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Stafon Johnson Sues USC, Claims Bar Was Knocked From His Hands

Patrick Crawley |
January 24, 2011 | 4:34 p.m. PST

Senior Sports Editor

Stafon Johnson joined by his lawyer, Carl Douglas, and his mother, Kim Mallory. (Patrick Crawley/Neon Tommy)
Stafon Johnson joined by his lawyer, Carl Douglas, and his mother, Kim Mallory. (Patrick Crawley/Neon Tommy)
BEVERLY HILLS -- Former Trojans running back Stafon Johnson filed a personal injury lawsuit against the University of Southern California and former assistant football coach Jamie Yanchar Monday, claiming that negligence on the part of the university, specifically Yanchar, led to his weight lifting accident in September 2009.

Johnson, whose neck was crushed when a bar holding 275 pounds of weight fell on his neck during a team workout on Sept. 28, 2009, held a press conference Monday during which his lawyer, Carl E. Douglas, claimed Yanchar was responsible for the incident.

"The spotter was there, not performing his job," Douglas said. "The lawsuit says he was distracted and that he then, in his distraction, hit the bar. I don't think he did it on purpose. It was an accident. But still he was responsible for the bar falling from Stafon's hands onto his neck."

Yanchar is named as a defendant, along with the university, in the lawsuit, the purpose of which is to recoup damages in excess of $25,000.

Douglas, who answered questions on Johnson's behalf after Johnson read a prepared statement, said Johnson wished no harm on the university but that justice needs to be served.

"Certainly he holds no ill will for those who helped him in his darkest hour," Douglas said. "At the same time, he does hold those that are responsible for his injuries accountable and he thinks they should be held responsible as the law allows."

Douglas, a former managing attorney for the Law Office of Johnnie Cochran, Jr. whose previous clients include Michael Jackson, Jamie Foxx and Queen Latifah, said he approached USC about settling the issue out of court but the university was not receptive about doing so.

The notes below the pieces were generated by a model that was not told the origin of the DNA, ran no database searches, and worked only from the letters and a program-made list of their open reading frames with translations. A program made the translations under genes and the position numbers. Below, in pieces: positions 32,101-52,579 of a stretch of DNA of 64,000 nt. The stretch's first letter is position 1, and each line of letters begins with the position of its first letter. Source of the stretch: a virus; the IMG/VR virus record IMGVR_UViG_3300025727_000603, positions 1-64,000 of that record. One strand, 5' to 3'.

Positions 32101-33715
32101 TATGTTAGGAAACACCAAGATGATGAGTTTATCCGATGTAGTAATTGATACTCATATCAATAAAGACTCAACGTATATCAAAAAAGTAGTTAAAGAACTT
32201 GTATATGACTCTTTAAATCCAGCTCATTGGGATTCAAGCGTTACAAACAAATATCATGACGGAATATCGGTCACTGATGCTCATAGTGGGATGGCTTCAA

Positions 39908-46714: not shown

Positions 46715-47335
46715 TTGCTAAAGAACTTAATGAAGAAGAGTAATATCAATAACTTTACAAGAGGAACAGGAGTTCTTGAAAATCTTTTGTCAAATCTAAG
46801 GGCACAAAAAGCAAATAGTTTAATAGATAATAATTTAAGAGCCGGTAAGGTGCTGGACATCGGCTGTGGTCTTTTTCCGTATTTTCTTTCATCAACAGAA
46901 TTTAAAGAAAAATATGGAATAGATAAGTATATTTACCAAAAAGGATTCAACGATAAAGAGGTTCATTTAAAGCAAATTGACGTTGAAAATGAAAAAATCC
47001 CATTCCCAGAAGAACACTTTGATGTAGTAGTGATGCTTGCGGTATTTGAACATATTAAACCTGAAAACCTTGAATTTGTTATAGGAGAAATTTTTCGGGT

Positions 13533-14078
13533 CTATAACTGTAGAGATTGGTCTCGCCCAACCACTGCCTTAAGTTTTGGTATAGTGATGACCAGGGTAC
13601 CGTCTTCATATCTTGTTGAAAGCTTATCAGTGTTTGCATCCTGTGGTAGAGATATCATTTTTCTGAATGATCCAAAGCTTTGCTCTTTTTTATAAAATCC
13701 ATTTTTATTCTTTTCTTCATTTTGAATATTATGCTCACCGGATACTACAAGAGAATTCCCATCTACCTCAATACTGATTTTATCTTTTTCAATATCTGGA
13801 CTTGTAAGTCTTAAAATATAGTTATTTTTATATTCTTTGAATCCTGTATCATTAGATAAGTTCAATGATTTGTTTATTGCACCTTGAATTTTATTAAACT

"There have been efforts in the past to resolve this matter quietly and informally," he said. "Regrettably, they were not successful. We were left with no other option but to file this lawsuit."

When asked why Johnson waited so long after the incident to file suit, Douglas claimed Johnson's No. 1 priority was his health. Only after talks with the school failed did he consider taking legal action.

"Stafon was first focused on getting well and recovering," Douglas said. "Suing the university was not the first thing in his mind. And once he was able to return to health and pursue his football career, then matters turned to lawyers and that's when we got involved."

Johnson's accident was one of the biggest sports stories of 2009. He was rushed to the hospital following his injury, where he underwent seven hours of surgery to repair his neck. He wasn't able to speak for nearly two months and doctors later told him he would never play football again. He overcome the obstacles, though, and was signed by the Tennessee Titans last year as an undrafted free agent.

He showed promise with the Titans but suffered a season-ending ankle injury in a preseason game against the Seattle Seahawks and was forced to sit out. He is still with the team on injured reserve, according to Douglas. 

Johnson was joined at the press conference by his mother, Kim Mallory, Douglas, and attorney Drew Antablin of the law partnership Antablin & Bruce. In his statement, Johnson voiced appreciation for USC, the Trojan community and his former teammates and classmates.

"This lawsuit does not in any way reduce my love for the Cardinal and Gold," he said.

However, he remained resolute about holding Yanchar responsible for the accident.

"I was injured, and I feel that if others had been careful, this injury would have been avoided," he said.

To reach Patrick Crawley, click here. Follow him on Twitter @pecrawley.



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